Most of the articles published in Lokál and Lokál Extra just before the April 8 National Assembly election promoted the campaign strategy and platform of the Orbán government and the Fidesz-KDNP alliance, portraying Muslim migration as a grave security, cultural and religious threat to Hungary and depicting Prime Minister Orbán and the parties under his command as the political forces that are willing and able to defend the country from this menace and the opposition parties and their leaders as the pawns of Hungarian-American investor and philanthropist George/György Soros and the local proponents of his alleged pro-migration policies known collectively as the Soros Plan.

Appearing underneath the scanned images of pages from Lokál and Lokál Extra are translations of the main titles and some of the secondary titles from the given page as well as excerpts from the text of some of the attending articles.

Note that Gábor Vona, who is the subject of many of the articles appearing below, is the president of the opposition party Jobbik.

Click on images to enlarge.


Lokál, April 6, page 1

 Viktor Orbán: “There is going to be a big battle this weekend. Nobody should stay at home.” 

This Sunday Two Times Fidesz


Lokál, April 5 and April 6, page 2

 Orbán government campaign advertisement showing a stop sign superimposed on a dense column of migrants marching through the countryside somewhere along the Balkan migration route in 2015.


Lokál, April 5, page 3

Soros’s Candidates SAID NO to the Fence

“They are lying. This summarizes the electoral machinations of the opposition. These political officials are eating from György Soros’s plate and can hardly wait to win on Sunday so they can open the way for migrants to come pouring into Hungary.”


Lokál, April 6, page 7

 A Migrant Murdered a Women Who Wanted to Help Him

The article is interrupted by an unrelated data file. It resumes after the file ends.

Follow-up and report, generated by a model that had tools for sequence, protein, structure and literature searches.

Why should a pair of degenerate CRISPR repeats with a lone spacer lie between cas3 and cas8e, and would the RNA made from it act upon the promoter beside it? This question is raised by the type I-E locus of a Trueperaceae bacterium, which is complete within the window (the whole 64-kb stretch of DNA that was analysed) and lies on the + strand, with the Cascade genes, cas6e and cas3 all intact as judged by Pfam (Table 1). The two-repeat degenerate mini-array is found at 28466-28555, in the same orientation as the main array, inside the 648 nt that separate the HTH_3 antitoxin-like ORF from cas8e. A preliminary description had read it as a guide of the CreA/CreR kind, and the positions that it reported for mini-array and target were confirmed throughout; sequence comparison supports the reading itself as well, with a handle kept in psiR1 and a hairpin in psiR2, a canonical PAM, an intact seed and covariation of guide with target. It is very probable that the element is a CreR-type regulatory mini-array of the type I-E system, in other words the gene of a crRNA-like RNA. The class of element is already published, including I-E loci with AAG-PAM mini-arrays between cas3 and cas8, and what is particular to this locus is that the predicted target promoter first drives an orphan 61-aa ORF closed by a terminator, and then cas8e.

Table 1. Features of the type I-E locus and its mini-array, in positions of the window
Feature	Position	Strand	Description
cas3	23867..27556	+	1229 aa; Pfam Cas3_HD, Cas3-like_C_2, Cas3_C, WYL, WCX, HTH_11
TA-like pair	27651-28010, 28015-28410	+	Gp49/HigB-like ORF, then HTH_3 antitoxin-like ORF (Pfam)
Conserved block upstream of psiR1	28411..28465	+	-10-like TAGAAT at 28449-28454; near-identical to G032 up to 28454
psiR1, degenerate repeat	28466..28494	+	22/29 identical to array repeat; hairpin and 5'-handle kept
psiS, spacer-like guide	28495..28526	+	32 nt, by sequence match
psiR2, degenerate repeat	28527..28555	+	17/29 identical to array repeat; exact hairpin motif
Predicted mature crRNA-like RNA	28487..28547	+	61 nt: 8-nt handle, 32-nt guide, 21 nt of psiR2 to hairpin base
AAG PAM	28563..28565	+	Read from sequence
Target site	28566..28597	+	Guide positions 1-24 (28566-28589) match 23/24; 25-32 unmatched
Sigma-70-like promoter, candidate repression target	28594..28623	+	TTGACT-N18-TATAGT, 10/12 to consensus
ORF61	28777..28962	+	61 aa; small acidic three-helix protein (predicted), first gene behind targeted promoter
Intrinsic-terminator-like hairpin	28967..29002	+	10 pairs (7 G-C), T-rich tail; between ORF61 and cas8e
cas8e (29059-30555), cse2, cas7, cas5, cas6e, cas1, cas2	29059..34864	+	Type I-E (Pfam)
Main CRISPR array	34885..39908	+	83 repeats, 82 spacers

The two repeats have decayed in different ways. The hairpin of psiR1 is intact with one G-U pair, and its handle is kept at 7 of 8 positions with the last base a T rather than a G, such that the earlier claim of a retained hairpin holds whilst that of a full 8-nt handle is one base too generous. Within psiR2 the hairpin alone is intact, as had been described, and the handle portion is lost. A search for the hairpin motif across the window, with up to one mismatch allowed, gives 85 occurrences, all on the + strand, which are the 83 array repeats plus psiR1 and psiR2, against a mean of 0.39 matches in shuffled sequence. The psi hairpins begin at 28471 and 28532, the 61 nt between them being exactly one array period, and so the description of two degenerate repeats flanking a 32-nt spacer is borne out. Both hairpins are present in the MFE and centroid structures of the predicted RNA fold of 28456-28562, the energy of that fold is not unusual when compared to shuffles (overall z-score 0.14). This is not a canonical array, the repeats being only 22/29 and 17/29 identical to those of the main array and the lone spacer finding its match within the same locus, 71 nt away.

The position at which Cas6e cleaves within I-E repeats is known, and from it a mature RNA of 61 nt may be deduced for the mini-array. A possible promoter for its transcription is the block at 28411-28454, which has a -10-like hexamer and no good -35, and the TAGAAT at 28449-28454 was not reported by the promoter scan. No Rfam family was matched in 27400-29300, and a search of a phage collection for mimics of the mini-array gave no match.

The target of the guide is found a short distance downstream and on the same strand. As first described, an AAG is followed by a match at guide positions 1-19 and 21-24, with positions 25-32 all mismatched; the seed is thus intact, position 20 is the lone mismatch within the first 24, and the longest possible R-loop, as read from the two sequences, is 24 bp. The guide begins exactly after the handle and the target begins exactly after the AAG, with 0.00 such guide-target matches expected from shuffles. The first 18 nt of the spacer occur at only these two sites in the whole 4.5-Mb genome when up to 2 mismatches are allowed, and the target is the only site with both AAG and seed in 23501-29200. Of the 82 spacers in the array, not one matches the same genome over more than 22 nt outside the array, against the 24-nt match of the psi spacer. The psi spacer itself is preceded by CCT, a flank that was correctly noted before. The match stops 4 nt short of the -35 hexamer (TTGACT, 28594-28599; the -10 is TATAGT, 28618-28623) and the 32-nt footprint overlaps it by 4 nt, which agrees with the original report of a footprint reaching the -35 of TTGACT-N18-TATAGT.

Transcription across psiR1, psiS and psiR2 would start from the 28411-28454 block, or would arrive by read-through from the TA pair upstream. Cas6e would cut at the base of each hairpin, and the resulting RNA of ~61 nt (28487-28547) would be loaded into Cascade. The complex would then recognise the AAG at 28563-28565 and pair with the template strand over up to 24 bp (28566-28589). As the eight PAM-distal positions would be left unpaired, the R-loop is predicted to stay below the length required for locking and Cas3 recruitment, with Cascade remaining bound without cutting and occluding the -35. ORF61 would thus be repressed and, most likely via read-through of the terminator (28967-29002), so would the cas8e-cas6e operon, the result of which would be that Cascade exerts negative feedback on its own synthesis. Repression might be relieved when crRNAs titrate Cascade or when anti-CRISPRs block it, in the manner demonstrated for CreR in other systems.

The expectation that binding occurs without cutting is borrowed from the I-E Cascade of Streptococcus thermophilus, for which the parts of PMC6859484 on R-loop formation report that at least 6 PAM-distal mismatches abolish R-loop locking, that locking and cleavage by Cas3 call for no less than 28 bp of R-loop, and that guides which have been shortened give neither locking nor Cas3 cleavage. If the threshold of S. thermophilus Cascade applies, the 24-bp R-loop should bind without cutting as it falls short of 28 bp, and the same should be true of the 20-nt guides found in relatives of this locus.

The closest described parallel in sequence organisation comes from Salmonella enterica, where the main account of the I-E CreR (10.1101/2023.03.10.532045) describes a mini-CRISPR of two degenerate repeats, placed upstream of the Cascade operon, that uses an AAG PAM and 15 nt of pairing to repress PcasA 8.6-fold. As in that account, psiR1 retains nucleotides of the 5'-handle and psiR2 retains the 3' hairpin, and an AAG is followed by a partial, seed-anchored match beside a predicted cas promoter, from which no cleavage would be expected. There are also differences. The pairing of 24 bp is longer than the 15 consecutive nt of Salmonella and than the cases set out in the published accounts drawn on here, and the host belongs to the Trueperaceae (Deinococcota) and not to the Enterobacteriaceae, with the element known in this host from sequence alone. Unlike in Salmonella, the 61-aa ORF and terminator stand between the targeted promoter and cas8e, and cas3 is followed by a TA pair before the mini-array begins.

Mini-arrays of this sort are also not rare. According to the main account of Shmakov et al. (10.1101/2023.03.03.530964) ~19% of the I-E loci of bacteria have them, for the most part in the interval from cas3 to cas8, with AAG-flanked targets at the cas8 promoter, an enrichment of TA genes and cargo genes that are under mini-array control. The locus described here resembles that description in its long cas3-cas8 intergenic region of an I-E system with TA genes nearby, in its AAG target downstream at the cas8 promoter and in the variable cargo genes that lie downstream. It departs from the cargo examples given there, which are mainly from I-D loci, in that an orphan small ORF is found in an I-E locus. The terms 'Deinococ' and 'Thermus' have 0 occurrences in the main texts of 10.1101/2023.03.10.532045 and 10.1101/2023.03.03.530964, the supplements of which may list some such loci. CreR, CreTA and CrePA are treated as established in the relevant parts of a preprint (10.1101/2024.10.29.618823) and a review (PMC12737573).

“A Somalian migrant stabbed to death a 22-year-old woman who was helping refugees at the reception camp in Mölndal in southern Sweden.”

Facts About Migration

“There are 186 no-go zones in Sweden, of which 55 are particularly dangerous. Migrants rape one in eight Swedish women. The number of sex crimes has risen 26 percent in Austria and 670 percent in Leipzig because of migrants. People of ‘foreign background’ commit one out of two crimes in Australia. Migrants commit 93 out of every 100 crimes in Germany. The number of crimes has risen 10.4 percent as a result of this. Migrants attacked 1,035 physicians in France last year alone. A total of 70 million people could leave Nigeria for Europe over the next five years.”


Lokál, April 5, page 6

 A Migrant Murdered Two Women and Lived with Their Corpses for Months

Africans Committed Rape in Prague

An Immigrant Committed a Stabbing While Shouting Allahu Akbar

Orbán: the Fence Protects Budapest as Well

See entire post.


The Land of Two Peace Marches

March 15: Hungary’s national holiday commemorating the outbreak of the 1848 revolution against Habsburg rule.

Always a lot of street politics on this date, especially this year with the general election just over three weeks away.

Orange Files covered simultaneous events in Budapest on this day: the Civil Cooperation Forum (CÖF)–organized pro–Orbán government Peace March (Békemenet) and the Hungarian Two-Tailed Dog Party (Kétfarkú Kutya Párt, or MKKP)–organized anti–Orbán government Peace March.

It was the seventh Peace March that the government-organized non-governmental organization CÖF has organized since 2012.

It was the first Peace March that the extra-parliamentary joke party MKKP has organized.

The official and unofficial slogans, respectively, of the Civil Cooperation Forum’s Peace March: “The Homeland Before All Else!” (A Haza Minden Előtt!); and “Hungary Protects Europe!” (in English).

The official and unofficial slogans, respectively, of the Hungarian Two-Tailed Dog Party’s Peace March: “The Banner Before All Else!” (A Molinó Minden Előtt!) and “Let Hungary Be the Land of Two Peace Marches!” (Legyen Magyarország a Két Békemenet Országa!).

Below are some of the photographs that Orange Files and his assistant (wife) took at the CÖF and MKKP Peace Marches held on March 15, 2018.  Many tens of thousands of demonstrators participated in the Civil Cooperation Forum Peace March. Around 10,000 people participated in the Hungarian Two-Tailed Dog Party Peace March.